The Glory Boys
Drama, Action, War | 139 mins | Released: 1984
Director: Michael Fergerson
Starring: Rod Steiger, Anthony Perkins, Alfred Burke, Joanna Lumley, Sallyanne Law, Aaron Harris, Gary Brown
Our Rating: 7
In The Glory Boys, an alcoholic ex-government agent is brought back into service to stop two ideologically-disparate terrorists that have met up in London to assassinate a visiting Israeli nuclear scientist. This three-part thriller from novelist Gerald Seymour stars Rod Steiger, Anthony Perkins and Joanna Lumley. Palestinian radicals have a plan to gun down top Israeli nuclear scientist David Sokarev (Steiger), who is on an official visit to London. To assist them, the Palestinians have called on the help of the IRA. Now two men, Abdel El-Famy, and the IRA’s man, Kieran McCoy, are haunting the streets of London waiting for the moment to strike. Now it’s down to one man, a special security agent known as Jimmy (Perkins). Past his prime, unreliable and ill-disciplined, he’s also an old hand at this kind of game. He can be an expert and efficient player and, when called upon to do so, a ruthless, cold killer.
According to the only TV Guide review, the made-for-British television, The Glory Boys shoots itself in the foot by relying too much on convoluted plot twists and not enough on character development.
Arab terrorist Famy (Gary Brown) is bent on killing famed Israeli nuclear scientist Dr. David Sokarev (Rod Steiger). In London, he joins with Kirin McCoy (Aaron Harris) a thrill-seeking IRA terrorist who shares an interest in Sokarev’s assassination. In Washington D.C., Sokarev, informed of the conspiracy, tries to cancel his itinerary, but the government refuses, believing it will send a message of capitulation to terrorism. He reluctantly proceeds to his London engagement under the protection of veteran security agent Jimmy (Anthony Perkins), an alcoholic with a maverick streak. The terrorists botch their hit and split up. Wounded McCoy stays at the suburban home of Norah (Salleyanne Law), a local girl who inexplicably loves the brutal killer. Police catch McCoy, and Jimmy pries out of him Famy’s next plan: to kill Sokarev at Heathrow Airport.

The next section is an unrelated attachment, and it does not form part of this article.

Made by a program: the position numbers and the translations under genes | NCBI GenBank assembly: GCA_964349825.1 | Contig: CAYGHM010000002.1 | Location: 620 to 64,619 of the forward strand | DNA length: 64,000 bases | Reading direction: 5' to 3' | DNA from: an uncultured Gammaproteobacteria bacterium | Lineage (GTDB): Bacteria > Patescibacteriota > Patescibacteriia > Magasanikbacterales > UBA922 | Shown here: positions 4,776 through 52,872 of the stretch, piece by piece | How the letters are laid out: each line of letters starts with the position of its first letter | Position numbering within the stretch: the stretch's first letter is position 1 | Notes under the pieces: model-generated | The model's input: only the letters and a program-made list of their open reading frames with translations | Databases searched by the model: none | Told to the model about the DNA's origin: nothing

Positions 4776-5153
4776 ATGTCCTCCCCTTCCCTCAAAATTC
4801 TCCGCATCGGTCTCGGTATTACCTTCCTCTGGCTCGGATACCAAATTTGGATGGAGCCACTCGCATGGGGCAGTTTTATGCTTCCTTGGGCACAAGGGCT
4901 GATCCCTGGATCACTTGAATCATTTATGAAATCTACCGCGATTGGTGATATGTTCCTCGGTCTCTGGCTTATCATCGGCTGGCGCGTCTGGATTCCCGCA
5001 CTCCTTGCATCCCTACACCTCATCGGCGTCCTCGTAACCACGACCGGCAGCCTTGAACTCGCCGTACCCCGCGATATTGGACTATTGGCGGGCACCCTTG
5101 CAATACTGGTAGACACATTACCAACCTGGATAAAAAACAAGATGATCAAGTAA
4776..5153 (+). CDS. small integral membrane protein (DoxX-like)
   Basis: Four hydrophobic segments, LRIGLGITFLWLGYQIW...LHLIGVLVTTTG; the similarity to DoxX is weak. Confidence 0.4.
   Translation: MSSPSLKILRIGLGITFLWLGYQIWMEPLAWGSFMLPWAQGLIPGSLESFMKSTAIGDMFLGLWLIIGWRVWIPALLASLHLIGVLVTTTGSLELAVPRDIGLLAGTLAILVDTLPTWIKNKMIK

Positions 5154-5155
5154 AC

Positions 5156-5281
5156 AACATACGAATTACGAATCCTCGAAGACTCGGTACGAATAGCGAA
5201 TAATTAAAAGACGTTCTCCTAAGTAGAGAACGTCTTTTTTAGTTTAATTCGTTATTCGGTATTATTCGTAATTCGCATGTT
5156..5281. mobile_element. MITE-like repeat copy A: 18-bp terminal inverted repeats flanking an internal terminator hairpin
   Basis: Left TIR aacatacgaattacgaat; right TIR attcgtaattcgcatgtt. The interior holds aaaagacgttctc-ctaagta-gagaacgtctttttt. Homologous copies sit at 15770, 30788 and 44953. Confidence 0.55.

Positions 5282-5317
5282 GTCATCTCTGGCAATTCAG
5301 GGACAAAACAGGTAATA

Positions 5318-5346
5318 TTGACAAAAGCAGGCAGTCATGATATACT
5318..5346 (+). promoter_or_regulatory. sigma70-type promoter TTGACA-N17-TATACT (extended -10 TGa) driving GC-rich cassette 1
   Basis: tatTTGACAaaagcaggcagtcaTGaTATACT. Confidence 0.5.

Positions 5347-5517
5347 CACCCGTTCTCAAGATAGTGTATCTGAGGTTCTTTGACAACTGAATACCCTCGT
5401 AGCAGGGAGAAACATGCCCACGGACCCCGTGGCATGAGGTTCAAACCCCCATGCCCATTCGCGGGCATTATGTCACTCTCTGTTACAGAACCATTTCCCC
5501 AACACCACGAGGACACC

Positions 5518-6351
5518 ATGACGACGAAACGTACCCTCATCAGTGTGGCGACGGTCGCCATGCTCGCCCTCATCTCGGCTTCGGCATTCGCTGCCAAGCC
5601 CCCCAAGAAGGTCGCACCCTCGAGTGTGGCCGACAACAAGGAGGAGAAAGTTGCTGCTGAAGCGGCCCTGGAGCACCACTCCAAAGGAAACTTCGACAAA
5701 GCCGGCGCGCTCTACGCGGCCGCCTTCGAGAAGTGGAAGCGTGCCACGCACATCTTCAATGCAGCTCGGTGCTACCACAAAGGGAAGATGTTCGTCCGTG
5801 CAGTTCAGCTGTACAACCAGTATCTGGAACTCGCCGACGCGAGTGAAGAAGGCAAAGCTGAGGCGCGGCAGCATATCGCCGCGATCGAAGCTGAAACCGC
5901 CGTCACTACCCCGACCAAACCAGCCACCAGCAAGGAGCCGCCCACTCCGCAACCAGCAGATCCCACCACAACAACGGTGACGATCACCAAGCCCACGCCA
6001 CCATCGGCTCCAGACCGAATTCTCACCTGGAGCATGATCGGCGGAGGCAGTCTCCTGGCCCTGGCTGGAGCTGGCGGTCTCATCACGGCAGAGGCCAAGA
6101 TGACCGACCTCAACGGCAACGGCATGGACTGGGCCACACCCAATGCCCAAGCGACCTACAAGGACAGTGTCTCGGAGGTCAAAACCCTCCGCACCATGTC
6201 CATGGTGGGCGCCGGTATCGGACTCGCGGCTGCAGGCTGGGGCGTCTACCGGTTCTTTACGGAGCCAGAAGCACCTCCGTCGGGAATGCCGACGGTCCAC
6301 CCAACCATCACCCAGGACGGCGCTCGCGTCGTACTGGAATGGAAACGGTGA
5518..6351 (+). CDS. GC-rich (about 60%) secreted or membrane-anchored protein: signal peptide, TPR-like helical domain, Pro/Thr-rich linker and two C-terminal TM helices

Jimmy leads his men in a race against time and manages to collar the Arab. Driven by vague, private motivations or perhaps just a violent impulse, Jimmy executes Famy right there on the tarmac. On the plane ride back home, Sokarev suffers a heart attack and dies. Jimmy, now unemployed and back to his business of full-time drinking, hears the news, and the picture ends with him drunkenly laughing at the irony.
Gerald Seymour’s script, based on his own novel, is certainly full of fast-paced action, but primary motivations of the characters are unclear. We never learn Jimmy’s true reason for killing or drinking; he just does both with no reflection. More political analysis right from the beginning would also have shored up the story’s foundation. Racing between too many locales, The Glory Boys has three editors, and it looks as if they each made their own cut and then haphazardly spliced them together. Performances are generally solid. Making the most of a rare good-guy lead, Perkins’ Jimmy is quirky and fun to watch, Steiger’s resigned Sokarev suitably moving. But when protagonists seem to so randomly choose death over life, we are left with no glory. (Violence, alcohol abuse, adult situations.)